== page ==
We would round this to 22 IBU, which we see is near the middle of the range of 15 to 30 IBU.

Where the Balance Value Can Fall Short

There are many factors which influence how a person will perceive the balance of a beer. Some are specific to each person, and the new formula can't address them. Nor can any other relatively simple formula, so let's not let that bother us.

Some beer-dependent factors which can influence the perceived balance, besides Real Terminal Extract and the Bittering Level, include:

The old formula didn't take these factors into consideration either, so we're no worse off than we were before. However, Michael Lewis, in Stout, argues that experienced tasters can distinguish between various flavors in beers, even when they are similar. That's a point in favor of a simple approach like that outlined here (as well as the earlier BU:GU ratio).

Weber and Fechner Were Here (and Stevens, too!)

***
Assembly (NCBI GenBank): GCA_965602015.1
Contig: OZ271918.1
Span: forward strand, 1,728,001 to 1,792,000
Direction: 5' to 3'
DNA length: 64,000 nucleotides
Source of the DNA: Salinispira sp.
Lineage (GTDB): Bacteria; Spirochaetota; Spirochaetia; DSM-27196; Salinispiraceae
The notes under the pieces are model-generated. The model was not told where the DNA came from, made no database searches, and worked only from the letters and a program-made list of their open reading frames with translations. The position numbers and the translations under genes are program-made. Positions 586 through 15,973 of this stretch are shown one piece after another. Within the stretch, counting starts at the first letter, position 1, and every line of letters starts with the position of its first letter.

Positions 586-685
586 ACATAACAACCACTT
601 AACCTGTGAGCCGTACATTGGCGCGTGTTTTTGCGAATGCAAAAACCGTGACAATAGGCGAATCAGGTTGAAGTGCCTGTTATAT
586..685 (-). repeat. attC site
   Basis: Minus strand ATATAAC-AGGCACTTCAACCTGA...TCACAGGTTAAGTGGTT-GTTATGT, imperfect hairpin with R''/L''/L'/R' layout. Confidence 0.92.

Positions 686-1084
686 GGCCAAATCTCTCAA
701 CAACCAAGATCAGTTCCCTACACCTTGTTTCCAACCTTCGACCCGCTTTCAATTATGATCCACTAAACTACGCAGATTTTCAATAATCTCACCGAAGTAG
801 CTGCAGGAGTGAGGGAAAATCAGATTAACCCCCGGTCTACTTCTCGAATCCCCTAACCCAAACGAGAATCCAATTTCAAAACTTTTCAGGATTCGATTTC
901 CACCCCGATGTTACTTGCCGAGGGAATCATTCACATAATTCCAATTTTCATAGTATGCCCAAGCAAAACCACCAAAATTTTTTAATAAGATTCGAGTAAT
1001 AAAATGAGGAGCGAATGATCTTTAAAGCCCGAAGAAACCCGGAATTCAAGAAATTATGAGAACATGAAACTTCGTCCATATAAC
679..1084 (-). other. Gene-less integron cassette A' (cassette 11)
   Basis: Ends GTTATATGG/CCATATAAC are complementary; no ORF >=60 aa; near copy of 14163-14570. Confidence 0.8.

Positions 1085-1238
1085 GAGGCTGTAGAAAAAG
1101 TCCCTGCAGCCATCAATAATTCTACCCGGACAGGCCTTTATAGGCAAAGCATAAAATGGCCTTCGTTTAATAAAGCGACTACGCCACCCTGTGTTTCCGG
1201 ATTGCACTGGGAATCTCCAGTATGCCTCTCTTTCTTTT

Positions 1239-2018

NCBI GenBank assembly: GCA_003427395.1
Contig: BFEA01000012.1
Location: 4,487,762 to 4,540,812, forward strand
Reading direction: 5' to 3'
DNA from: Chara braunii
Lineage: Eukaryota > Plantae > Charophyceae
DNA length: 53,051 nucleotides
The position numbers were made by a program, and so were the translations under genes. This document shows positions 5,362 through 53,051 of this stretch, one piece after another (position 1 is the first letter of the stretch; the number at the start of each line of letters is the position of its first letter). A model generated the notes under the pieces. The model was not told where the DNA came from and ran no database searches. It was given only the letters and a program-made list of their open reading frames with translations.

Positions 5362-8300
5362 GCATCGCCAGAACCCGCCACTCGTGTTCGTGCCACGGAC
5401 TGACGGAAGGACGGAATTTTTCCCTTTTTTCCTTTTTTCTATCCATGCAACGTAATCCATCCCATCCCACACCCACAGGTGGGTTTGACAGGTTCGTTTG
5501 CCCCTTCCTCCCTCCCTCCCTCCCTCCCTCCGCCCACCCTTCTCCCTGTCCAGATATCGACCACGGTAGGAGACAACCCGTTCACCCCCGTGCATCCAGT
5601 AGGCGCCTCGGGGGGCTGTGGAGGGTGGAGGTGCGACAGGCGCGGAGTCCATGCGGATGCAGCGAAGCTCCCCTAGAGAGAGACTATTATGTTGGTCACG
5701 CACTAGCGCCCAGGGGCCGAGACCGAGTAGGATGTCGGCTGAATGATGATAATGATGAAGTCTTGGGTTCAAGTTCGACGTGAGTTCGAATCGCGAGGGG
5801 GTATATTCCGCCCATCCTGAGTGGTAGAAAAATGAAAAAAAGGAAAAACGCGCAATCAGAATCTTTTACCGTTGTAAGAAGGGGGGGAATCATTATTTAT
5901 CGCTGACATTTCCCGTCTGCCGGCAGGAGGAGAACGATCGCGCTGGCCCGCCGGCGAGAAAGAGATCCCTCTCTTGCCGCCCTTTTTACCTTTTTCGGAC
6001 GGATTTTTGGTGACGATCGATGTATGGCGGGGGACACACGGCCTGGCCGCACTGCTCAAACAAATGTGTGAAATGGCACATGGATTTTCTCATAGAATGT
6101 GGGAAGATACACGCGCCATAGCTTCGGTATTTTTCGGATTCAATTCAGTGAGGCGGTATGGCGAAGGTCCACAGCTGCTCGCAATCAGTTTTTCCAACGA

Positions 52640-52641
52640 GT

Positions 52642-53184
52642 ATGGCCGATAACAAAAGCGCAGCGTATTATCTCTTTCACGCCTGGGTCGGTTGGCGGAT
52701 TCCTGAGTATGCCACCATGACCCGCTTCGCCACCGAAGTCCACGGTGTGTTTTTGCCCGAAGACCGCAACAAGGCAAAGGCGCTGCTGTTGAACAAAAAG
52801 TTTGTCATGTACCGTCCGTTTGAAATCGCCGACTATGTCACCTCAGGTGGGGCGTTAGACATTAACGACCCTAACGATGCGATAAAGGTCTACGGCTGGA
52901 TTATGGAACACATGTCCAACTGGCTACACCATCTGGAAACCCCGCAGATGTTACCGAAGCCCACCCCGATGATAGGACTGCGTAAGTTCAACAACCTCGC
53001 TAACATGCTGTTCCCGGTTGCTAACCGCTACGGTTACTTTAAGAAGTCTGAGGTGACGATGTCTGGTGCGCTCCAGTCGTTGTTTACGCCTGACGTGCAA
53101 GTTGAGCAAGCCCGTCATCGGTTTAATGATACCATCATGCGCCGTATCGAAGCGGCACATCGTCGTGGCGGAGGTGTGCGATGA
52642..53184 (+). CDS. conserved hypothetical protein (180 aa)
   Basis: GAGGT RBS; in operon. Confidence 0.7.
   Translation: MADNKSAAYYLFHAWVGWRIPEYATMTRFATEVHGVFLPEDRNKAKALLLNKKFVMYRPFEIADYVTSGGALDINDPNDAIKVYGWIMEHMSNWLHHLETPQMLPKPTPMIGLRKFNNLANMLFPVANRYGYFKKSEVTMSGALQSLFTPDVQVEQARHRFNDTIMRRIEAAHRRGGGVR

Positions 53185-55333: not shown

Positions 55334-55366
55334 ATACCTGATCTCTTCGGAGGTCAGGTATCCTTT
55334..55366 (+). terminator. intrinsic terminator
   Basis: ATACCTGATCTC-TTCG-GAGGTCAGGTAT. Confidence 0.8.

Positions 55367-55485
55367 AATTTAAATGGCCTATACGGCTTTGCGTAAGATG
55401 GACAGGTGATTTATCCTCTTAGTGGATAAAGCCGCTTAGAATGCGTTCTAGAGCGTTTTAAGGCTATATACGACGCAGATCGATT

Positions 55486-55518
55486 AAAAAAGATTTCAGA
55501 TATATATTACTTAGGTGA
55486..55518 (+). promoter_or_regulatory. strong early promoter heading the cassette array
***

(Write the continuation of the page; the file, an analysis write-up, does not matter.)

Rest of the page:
Weber was a psychologist who stated that a Just Noticible Difference (JND) in the level of a stimulus (i.e., the amount of change necessary for a person to tend to notice the change) was proportional to the level of that stimulus. For example, if an audio stimulus is presented to a listener at a level of 10 milliwatts per square meter, and they do not notice a change in level until the stimulus is increased to 11 milliwatts per square meter (the JND is here 1 milliwatt per square meter, or 10 percent of the original stimulus), Weber's Law would posit that the same listener would require an increase from 40 to 44 milliwatts per square meter (the JND is here 4 milliwatts per square meter; again, 10 percent) or a decrease from 20 to 18 milliwatts per square meter (a JND of, yet again, 10 percent) before noticing a difference in level. Presumably, this would also apply to stimuli like sweetness and bitterness.